It wasn’t long ago that there was just one broadly consistent and, hopefully, true version of the news. Whether received via newspaper, radio, television or the internet in its infancy, we consumed roughly the same news stories as our neighbours, friends and colleagues.

Keith Breslauer

Keith Breslauer

This is no longer the case. Driven by the proliferation of social media and the penetration of smartphones into our lives, there are now pressing stories that get lost in the noise, non-stories that gain momentum like a runaway train and, of course, ‘fake news’. This means it is all the more striking when a story emerges that graces every screen, page, eyeline and conversation, as is the case right now, with three words that are all too familiar: cost of living.

In amongst all this noise, people want to know two things. The first is what is happening now and the second is what will happen in the future.

The first is reasonably straightforward, albeit challenging. Due to a conglomeration of factors, UK inflation passed 10% in July, the highest it has been in 40 years. Andrew Bailey has primarily attributed this to Russia, but other factors got us here too, including the rising cost of energy, fuel, food, household goods, secondhand cars and raw materials.

However, the second question is where things start to get a little more complicated. Since there is no one cause for the current inflation, there is no one remedy either and speculation about how long this pain will last is taking us increasingly further into the future. Indeed, Goldman Sachs recently predicted that the economy would continue to contract throughout 2023 and that inflation in Britain could top 22% on the back of high energy costs next year.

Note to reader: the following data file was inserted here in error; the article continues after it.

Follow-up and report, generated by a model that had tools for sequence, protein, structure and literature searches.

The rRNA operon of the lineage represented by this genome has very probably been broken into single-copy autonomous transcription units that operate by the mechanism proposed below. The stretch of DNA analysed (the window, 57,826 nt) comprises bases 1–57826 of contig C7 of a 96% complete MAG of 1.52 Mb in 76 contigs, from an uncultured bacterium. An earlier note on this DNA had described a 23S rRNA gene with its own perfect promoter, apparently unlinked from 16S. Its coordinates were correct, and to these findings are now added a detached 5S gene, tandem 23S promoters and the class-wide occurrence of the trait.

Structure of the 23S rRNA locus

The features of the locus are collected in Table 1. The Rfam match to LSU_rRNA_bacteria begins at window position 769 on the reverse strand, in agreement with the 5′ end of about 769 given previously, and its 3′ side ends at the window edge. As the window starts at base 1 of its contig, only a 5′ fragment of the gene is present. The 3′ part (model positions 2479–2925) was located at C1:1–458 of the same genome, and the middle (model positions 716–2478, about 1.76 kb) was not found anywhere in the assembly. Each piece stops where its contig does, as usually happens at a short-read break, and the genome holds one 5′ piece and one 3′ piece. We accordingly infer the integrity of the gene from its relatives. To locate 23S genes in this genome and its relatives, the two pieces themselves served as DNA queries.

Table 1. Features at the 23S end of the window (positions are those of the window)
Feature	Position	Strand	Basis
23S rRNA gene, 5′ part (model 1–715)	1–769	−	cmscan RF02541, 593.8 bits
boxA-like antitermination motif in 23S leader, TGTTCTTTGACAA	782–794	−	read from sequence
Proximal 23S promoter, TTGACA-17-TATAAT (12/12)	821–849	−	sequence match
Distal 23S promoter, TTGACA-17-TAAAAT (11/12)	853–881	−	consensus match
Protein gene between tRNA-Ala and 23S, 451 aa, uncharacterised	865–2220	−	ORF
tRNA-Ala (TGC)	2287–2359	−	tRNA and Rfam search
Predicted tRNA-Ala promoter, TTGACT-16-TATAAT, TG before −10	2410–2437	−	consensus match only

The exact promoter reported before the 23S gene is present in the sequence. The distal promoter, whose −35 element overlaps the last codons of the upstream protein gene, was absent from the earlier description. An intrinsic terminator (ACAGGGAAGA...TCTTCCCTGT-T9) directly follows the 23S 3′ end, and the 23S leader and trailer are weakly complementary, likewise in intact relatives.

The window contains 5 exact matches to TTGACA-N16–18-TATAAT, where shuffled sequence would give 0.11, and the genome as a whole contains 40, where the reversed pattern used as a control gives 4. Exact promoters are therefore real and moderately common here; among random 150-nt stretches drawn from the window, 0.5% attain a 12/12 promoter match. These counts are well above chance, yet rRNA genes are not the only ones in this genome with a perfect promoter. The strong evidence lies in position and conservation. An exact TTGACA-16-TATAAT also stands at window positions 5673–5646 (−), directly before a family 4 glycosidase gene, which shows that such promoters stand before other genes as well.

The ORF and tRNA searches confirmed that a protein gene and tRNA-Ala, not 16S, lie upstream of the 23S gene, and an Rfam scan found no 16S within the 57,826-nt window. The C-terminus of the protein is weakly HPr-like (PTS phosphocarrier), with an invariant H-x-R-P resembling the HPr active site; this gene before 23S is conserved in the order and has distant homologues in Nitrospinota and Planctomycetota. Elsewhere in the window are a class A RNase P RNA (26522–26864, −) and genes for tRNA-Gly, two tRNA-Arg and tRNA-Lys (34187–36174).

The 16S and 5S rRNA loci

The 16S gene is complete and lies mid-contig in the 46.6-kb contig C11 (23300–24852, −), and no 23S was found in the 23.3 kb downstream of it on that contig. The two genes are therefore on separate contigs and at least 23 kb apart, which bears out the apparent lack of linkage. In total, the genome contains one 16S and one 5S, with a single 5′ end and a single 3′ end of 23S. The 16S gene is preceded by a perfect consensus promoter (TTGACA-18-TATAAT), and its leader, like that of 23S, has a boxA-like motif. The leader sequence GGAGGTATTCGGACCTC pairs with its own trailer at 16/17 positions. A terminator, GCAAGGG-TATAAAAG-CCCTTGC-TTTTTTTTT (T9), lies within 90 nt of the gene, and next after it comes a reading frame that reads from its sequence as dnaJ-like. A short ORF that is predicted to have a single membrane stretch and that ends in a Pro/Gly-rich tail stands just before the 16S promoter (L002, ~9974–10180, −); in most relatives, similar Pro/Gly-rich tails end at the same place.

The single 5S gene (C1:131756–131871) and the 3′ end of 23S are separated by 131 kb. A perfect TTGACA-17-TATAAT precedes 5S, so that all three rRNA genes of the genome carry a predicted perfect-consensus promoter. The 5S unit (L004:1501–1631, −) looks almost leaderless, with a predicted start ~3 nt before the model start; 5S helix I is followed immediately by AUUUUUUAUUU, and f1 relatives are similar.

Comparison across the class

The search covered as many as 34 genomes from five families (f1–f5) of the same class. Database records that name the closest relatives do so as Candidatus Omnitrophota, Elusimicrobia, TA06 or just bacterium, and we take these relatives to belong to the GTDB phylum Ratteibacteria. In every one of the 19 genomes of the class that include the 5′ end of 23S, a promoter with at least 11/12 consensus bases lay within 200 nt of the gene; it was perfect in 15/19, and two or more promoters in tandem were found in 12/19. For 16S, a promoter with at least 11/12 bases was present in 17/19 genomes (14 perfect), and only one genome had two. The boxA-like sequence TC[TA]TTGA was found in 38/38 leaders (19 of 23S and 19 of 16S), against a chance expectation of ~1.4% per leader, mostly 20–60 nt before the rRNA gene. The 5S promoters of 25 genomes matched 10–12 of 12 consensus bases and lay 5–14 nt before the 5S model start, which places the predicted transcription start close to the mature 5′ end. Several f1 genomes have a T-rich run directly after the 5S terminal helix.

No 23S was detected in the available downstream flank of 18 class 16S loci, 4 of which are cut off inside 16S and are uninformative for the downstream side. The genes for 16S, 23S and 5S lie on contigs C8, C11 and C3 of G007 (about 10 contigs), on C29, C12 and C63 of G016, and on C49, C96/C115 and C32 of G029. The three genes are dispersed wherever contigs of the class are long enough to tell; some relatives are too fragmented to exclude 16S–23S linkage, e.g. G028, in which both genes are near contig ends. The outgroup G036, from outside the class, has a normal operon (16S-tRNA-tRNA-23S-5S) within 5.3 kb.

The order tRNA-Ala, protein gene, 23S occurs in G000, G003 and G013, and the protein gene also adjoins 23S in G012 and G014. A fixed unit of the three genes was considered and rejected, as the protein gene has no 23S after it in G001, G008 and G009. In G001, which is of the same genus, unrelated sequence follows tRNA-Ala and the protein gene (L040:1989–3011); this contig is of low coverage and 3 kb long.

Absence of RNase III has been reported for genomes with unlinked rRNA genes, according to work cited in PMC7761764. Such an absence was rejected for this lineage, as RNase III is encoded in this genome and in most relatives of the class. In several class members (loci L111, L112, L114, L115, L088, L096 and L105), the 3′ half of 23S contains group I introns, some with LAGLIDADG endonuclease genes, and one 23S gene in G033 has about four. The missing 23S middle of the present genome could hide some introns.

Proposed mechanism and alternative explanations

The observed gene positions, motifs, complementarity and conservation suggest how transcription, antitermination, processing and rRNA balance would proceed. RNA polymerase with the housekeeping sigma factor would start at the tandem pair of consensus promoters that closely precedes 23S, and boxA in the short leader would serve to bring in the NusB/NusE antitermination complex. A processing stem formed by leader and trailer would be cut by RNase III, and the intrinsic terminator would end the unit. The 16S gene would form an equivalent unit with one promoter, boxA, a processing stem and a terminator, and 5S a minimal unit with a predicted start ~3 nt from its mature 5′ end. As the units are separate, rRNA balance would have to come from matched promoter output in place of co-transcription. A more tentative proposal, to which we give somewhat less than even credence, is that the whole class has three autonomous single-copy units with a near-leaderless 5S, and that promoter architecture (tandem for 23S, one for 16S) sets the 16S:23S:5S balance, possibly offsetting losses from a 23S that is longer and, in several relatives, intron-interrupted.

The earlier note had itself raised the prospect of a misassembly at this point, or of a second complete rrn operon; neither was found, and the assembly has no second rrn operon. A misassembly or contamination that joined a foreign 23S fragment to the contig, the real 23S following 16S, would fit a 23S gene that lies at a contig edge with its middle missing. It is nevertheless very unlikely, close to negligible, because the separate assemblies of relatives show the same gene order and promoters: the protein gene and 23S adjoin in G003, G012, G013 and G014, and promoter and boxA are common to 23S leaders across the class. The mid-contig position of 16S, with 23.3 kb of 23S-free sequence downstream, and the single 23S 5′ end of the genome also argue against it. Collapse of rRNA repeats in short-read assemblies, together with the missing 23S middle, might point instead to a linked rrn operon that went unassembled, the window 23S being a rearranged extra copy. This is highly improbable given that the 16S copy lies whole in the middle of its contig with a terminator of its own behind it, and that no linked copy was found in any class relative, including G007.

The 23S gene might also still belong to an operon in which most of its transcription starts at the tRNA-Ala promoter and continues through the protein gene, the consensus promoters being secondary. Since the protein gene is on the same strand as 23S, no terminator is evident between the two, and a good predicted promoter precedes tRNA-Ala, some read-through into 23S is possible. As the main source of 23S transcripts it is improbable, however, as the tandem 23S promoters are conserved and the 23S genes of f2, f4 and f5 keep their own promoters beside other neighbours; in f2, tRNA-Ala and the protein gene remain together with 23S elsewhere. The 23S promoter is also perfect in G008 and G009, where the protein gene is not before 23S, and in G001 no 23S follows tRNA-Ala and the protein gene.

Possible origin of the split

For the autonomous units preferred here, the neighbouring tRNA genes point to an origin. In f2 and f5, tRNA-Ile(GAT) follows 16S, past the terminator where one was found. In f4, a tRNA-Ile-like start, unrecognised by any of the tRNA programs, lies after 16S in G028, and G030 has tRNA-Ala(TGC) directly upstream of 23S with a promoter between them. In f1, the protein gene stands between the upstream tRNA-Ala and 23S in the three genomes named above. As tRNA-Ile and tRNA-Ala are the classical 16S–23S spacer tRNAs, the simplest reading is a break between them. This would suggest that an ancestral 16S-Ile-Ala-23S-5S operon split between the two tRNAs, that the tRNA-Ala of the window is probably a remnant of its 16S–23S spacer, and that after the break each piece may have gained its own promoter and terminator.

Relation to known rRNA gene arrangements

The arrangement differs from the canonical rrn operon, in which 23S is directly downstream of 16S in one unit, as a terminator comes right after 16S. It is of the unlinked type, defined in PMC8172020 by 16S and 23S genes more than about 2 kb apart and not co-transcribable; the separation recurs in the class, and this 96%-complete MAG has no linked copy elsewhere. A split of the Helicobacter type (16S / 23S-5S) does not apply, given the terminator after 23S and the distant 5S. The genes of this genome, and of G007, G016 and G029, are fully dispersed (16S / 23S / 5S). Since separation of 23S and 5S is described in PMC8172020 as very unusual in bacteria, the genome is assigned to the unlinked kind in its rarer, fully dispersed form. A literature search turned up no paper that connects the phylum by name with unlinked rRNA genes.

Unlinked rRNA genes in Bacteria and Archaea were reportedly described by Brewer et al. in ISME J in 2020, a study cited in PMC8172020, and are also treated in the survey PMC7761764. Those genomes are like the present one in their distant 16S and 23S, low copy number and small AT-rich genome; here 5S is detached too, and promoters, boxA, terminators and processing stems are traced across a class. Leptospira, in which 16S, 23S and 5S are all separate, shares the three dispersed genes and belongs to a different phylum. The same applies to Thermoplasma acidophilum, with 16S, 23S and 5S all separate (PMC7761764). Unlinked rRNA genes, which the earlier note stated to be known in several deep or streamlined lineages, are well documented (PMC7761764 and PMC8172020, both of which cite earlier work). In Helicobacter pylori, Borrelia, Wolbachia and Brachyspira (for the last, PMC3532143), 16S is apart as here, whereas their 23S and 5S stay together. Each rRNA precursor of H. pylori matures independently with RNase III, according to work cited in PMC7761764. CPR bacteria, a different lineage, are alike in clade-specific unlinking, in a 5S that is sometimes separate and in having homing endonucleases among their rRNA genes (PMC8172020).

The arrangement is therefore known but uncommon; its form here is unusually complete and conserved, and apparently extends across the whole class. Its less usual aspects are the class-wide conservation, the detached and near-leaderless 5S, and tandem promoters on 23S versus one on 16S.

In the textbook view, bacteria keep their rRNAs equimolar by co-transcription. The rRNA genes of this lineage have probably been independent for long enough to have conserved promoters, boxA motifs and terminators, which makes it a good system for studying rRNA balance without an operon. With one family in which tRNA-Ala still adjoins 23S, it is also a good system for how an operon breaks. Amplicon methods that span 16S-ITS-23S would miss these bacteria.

On the one hand, there is cause for optimism. Internationally, central banks have responded. In the UK, immigration is increasing, with the number of visas issued to foreign citizens to live, work and study in the UK recently passing a million.

Thanks to measures such as the scale-up visa and the consistent pull of UK universities to international students, this upwards trend should continue, alleviating the pressure on wages.

Further, a monthly survey of fund managers around Europe by Bank of America found that European investors have grown more optimistic about the recovery in continental stock markets.

However, on the other hand, it is important that we never make the medicine worse than the affliction. Both the Bank of England and the Fed voted to raise interest rates over the summer. This kind of action is good until it isn’t, particularly for real estate.

While in theory, real estate should benefit from this current market due to its ability to act as an inflation hedge, this doesn’t quite capture the full picture. According to a recent Columbia University study, real estate values have a close negative correlation to real interest rates; higher real rates mean lower values. But inflation will drive rental growth, which will help current values, as long as such inflation is affordable.

Most tenants can afford a certain increase in costs, but if inflation is too high then things become unaffordable, and valuations could further suffer as a result. We must remember that inflation affects all the various costs of a business, with energy in particular posing a serious issue in the coming months.

Whatever comes next, it is essential that central banks do not overshoot. If they do then there will be challenging times ahead.

Keith Breslauer is managing director of Patron Capital